What is international relations (IR)?
And can any examples be provided of what kinds of topics or questions it looks at?
Yes, there was a good example of an key IR theme in the paper recently...
There was a brilliant piece in the Observer at the weekend about the power struggle between what some see as the three world superpowers, the USA, Russia and China.
International Relations is a popular adjunct to a degree in Politics for many students of A Level Politics. In terms of the availability of courses, a quick search reveals that there are a total (single honours and combined honours) of 655 related (I couldn't filter by straight IR courses) courses available at UK universities. These range from the likes of King's College, London (which is an IR course) with a standard offer of A*AA at A-Level to London Met (also straight IR) with a standard offer of 32 UCAS points. So, what is IR and how does it differ from 'straight' politics?
According to International Relations EDU, it can be defined as:
"International relations is the study of the interaction of nation-states and non-governmental organizations in fields such as politics, economics, and security. Professionals work in academia, government, and non-profits to understand and develop cooperative exchanges between nations that benefit commerce, security, quality of life, and the environment."
They go on:
"International relations (often referred to international affairs) has a broad purpose in contemporary society, as it seeks to understand:
- The origins of war and the maintenance of peace
- The nature and exercise of power within the global system
- The changing character of state and non-state actors who participate in international decision-making."
The LSE outline the underpinnings of their degree in the subject thus:
"Questions of central interest to the programme are: Why, on the one hand, do states go to war and what impact does this have on the international system? Why, on the other hand, do they often cooperate and obey international law? What is meant by "governance" and how do we explain regional developments like the European Union, or the re-emergence of the United Nations?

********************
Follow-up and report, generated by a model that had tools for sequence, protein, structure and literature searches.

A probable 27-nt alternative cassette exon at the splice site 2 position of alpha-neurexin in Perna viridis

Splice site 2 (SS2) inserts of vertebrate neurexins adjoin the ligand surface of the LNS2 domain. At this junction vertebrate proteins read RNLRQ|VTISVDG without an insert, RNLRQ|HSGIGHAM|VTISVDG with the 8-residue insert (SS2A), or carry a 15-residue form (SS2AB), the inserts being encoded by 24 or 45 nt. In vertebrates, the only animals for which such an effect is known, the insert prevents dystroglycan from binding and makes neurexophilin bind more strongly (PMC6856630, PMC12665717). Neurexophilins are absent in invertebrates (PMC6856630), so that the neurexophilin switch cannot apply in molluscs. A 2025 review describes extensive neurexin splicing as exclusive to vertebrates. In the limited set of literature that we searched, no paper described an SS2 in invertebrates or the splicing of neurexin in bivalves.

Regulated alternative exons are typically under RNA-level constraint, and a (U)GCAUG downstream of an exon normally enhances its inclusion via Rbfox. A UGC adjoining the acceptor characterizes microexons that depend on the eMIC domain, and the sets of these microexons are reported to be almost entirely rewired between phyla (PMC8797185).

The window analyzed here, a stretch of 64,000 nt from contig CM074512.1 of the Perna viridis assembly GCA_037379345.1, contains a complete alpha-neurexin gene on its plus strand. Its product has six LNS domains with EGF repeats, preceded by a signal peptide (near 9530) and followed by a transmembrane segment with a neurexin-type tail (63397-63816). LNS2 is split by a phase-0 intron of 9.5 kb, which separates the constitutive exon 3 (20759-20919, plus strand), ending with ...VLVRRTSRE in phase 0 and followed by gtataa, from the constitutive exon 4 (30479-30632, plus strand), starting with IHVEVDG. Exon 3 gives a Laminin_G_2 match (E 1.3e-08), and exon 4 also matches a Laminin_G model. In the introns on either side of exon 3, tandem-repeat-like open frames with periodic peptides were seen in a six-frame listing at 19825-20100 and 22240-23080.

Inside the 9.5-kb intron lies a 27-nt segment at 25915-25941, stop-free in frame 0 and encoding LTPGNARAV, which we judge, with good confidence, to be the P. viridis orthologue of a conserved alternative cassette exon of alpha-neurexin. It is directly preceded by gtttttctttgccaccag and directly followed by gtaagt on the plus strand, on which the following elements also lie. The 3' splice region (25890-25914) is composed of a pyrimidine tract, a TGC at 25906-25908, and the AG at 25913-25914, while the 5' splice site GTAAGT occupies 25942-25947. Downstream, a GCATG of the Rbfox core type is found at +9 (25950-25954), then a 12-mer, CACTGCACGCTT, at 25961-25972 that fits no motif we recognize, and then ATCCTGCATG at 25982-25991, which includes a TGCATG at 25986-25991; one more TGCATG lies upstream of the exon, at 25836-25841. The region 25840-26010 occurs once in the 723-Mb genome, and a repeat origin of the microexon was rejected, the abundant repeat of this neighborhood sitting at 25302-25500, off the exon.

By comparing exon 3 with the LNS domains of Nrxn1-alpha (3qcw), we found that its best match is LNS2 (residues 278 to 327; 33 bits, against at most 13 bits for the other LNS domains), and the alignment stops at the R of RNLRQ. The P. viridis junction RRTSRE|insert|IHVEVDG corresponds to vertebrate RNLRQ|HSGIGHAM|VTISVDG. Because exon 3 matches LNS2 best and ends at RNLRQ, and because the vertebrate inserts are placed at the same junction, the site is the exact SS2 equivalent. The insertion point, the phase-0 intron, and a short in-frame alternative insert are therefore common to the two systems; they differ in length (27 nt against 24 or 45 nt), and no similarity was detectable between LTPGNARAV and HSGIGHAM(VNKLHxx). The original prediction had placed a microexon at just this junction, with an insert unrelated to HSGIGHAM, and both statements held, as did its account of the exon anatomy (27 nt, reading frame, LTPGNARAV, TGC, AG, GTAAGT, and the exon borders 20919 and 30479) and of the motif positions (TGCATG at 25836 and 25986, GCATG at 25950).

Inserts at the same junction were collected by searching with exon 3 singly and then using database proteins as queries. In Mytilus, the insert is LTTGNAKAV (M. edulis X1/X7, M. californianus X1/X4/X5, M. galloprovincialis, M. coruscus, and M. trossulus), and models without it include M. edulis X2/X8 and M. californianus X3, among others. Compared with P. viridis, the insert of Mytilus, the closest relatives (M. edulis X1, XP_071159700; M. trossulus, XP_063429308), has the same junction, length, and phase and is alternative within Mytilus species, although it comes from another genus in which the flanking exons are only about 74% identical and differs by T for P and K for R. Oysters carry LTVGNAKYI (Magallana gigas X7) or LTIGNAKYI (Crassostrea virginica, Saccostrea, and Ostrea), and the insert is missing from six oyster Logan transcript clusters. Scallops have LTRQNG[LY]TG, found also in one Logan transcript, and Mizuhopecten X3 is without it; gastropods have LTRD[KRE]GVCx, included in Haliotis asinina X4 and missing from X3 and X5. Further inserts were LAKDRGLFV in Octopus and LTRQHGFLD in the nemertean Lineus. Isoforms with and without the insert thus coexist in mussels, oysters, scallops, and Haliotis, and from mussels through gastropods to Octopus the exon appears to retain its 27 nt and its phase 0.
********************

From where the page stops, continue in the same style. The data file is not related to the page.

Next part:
We will also investigate the widely different character and circumstances of states, examining the implications of the highly uneven distribution of power, money, welfare and knowledge in the international system for the foreign policies of states towards each other, and for the maintenance of international order."
So, to Simon Tisdall's article in the Observer at the weekend.
In it he touches upon the idea of multi-polarity, the second or new cold war, the use of hard power, realism and the 'balance of power'. Cleverly, he argues that the relations between the USA, Russia and China are akin to those described by Orwell in 1984 (which would be a recommended read, or reread, for one's UCAS form if they were interested in pursuing IR for a degree, by the way).
From Tisdall's column:
"What’s now unfolding could be portrayed as the ultimate fulfilment of George Orwell’s nightmarish vision, in his dystopian novel, Nineteen Eighty-Four, of a world divided geographically, politically and militarily into three rival super-states: Oceania (North America plus Britain), Eurasia (Russia and Europe), and Eastasia (China).
Publication of Orwell’s book in 1949 coincided with the formation of the US-led North Atlantic Treaty Organization (Nato) and the emergence of Joseph Stalin’s Soviet Union as a nuclear-armed power. It also saw the proclamation of the People’s Republic of China by Mao Zedong. Yet these were early days.
Orwell’s prediction of an endless, three-way global confrontation proved premature. China needed time to develop. The Soviet Union eventually imploded. The US, declaring a unipolar moment, claimed victory. Yet today, by some measures, Orwell’s tripartite world is finally coming into being. 2021 is the new 1984."
Read the article in full here, if you are interested: https://www.theguardian.com/co...
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